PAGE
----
– Gary R. Johnson, American Anthropologist
"An outstanding scholarly accomplishment."
– Winston E. Langley, Annals of the American Academy of Political & Social Science
"It is always difficult to be truly interdisciplinary and doubly difficult to bridge the natural sciences and the social sciences. However, Roger Masters does this quite brilliantly in his book The Nature of Politics. He shows that if one is to understand political behavior, then one simply must look at what today's biologists are telling us about human nature. Yet he is able to do this without falling into any of the arid ideological traps which so dissect so many who have trod the path before him. Altogether Masters shows a sensitive and illuminating grasp of politics and of biology and of the interrelations between the two."
– Michael Ruse, Professor of Philosophy and Zoology, University of Guelph, and editor of Biology and Philosophy
"A theoretically sophisticated and richly provocative reconception of political theory."
– Thomas Pangle, author of The Spirit of Modern Republicanism
"Professor Masters' research on the biological bases of politics is giving new insights which also apply to the interaction between law and human behavior. The Nature of Politics will be a lasting contribution to the understanding of legal and political theory. Masters connects ethological research to the foundations of law in a comprehensive manner, providing a scientific outlook on traditional philosophic questions of justice. Clearly written and accessible to the informed reader, this book will be particularly valuable as a text introducing the perspective of the life sciences to courses in law, social behavior, and politics."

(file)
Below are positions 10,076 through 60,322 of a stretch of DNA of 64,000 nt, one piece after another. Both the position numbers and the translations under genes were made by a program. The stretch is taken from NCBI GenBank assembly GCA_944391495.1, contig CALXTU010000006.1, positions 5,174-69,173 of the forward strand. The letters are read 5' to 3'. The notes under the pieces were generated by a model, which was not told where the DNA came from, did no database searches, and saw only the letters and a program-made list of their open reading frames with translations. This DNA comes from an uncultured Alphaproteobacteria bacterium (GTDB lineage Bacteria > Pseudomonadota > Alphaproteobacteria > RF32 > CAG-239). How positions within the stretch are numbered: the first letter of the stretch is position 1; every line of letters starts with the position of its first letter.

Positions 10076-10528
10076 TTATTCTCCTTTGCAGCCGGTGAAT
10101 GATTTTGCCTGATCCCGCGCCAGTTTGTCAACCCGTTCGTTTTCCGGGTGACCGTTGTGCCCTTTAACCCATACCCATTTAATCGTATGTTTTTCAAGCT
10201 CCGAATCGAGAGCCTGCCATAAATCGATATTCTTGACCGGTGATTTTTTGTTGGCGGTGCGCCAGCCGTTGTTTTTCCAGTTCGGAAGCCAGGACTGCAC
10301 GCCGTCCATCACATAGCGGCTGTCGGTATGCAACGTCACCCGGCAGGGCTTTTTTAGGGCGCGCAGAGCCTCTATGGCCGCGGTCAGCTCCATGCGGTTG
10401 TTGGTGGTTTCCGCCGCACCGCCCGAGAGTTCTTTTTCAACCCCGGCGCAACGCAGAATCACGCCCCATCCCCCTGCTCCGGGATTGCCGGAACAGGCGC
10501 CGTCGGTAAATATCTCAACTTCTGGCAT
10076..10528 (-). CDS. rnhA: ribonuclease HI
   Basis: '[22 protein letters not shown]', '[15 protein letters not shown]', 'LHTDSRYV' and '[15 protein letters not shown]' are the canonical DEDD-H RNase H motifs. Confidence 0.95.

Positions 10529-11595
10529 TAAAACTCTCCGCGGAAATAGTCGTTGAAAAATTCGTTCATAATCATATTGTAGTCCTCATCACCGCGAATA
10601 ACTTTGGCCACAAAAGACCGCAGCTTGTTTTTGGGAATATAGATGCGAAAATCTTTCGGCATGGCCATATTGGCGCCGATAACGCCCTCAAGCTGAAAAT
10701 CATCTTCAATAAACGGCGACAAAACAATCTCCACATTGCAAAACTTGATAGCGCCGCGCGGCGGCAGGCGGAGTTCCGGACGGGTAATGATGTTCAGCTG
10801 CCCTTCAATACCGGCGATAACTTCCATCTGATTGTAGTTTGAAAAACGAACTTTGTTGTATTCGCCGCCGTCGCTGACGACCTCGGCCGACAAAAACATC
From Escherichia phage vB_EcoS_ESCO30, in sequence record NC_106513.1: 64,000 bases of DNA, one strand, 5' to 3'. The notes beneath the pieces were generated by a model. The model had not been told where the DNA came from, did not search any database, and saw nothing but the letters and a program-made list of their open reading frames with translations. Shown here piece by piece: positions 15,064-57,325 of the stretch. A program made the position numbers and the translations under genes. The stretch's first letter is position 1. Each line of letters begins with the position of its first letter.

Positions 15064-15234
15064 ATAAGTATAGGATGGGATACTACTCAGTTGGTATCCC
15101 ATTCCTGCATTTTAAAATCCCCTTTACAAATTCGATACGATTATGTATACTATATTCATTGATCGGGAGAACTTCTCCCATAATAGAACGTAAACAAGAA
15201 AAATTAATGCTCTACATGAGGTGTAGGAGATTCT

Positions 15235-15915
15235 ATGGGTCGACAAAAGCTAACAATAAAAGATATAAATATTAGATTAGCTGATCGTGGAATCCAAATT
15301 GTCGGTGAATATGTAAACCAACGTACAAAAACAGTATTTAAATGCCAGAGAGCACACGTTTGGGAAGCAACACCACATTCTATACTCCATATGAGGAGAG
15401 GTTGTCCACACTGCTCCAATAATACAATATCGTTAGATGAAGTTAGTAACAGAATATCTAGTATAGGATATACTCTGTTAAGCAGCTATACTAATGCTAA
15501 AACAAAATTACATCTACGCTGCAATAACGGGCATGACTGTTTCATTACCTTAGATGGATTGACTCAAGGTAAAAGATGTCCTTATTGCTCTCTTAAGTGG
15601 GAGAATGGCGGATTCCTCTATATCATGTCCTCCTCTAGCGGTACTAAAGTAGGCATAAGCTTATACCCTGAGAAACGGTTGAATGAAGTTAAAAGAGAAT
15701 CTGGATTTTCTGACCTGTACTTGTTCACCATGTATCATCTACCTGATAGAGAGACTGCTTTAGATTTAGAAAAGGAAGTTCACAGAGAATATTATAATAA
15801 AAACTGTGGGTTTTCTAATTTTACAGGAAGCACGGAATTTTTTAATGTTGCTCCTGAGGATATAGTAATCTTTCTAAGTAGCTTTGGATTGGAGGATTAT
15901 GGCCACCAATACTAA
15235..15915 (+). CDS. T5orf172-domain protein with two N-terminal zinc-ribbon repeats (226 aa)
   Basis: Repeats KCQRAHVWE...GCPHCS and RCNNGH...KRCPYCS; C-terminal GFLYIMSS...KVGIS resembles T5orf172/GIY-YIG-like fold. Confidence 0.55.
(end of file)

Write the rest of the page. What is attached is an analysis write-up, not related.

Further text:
– Dr. Margaret Gruter, J. S. M., President, Gruter Institute for Law and Behavioral Research
"A benchmark work that inaugurates biopolitics as a systematic and comprehensive discipline."
– Hiram Caton, author of The Politics of Progress
"Masters has produced one of the best efforts – perhaps the best – integrating evolutionary biology and political philosophy. I was particularly challenged by his notions of the evolution of the state and his proposals for deriving normative principles of social functioning from neo-Darwinian insights. This book should be read by anyone interested in the great questions of politics and biology."
– David Barash, author of Sociology and Behavior
"Masters has married voracious, responsible scholarship with a deeply considered scrutiny of issues at the heart of social science. The result is a benchmark book at once challenging and decent, radical and classic."
– Lionel Tiger, author of The Manufacture of Evil
"The Nature of Politics is the first solid and balanced synthesis of biology and political science, wedding these two subjects to show the future shape of an exciting new discipline."
– Edward O. Wilson, author of Sociobiology
"Must reading for those who are concerned with what science teaches about life and what life should teach scientists."
– Allan Bloom, author of The Closing of the American Mind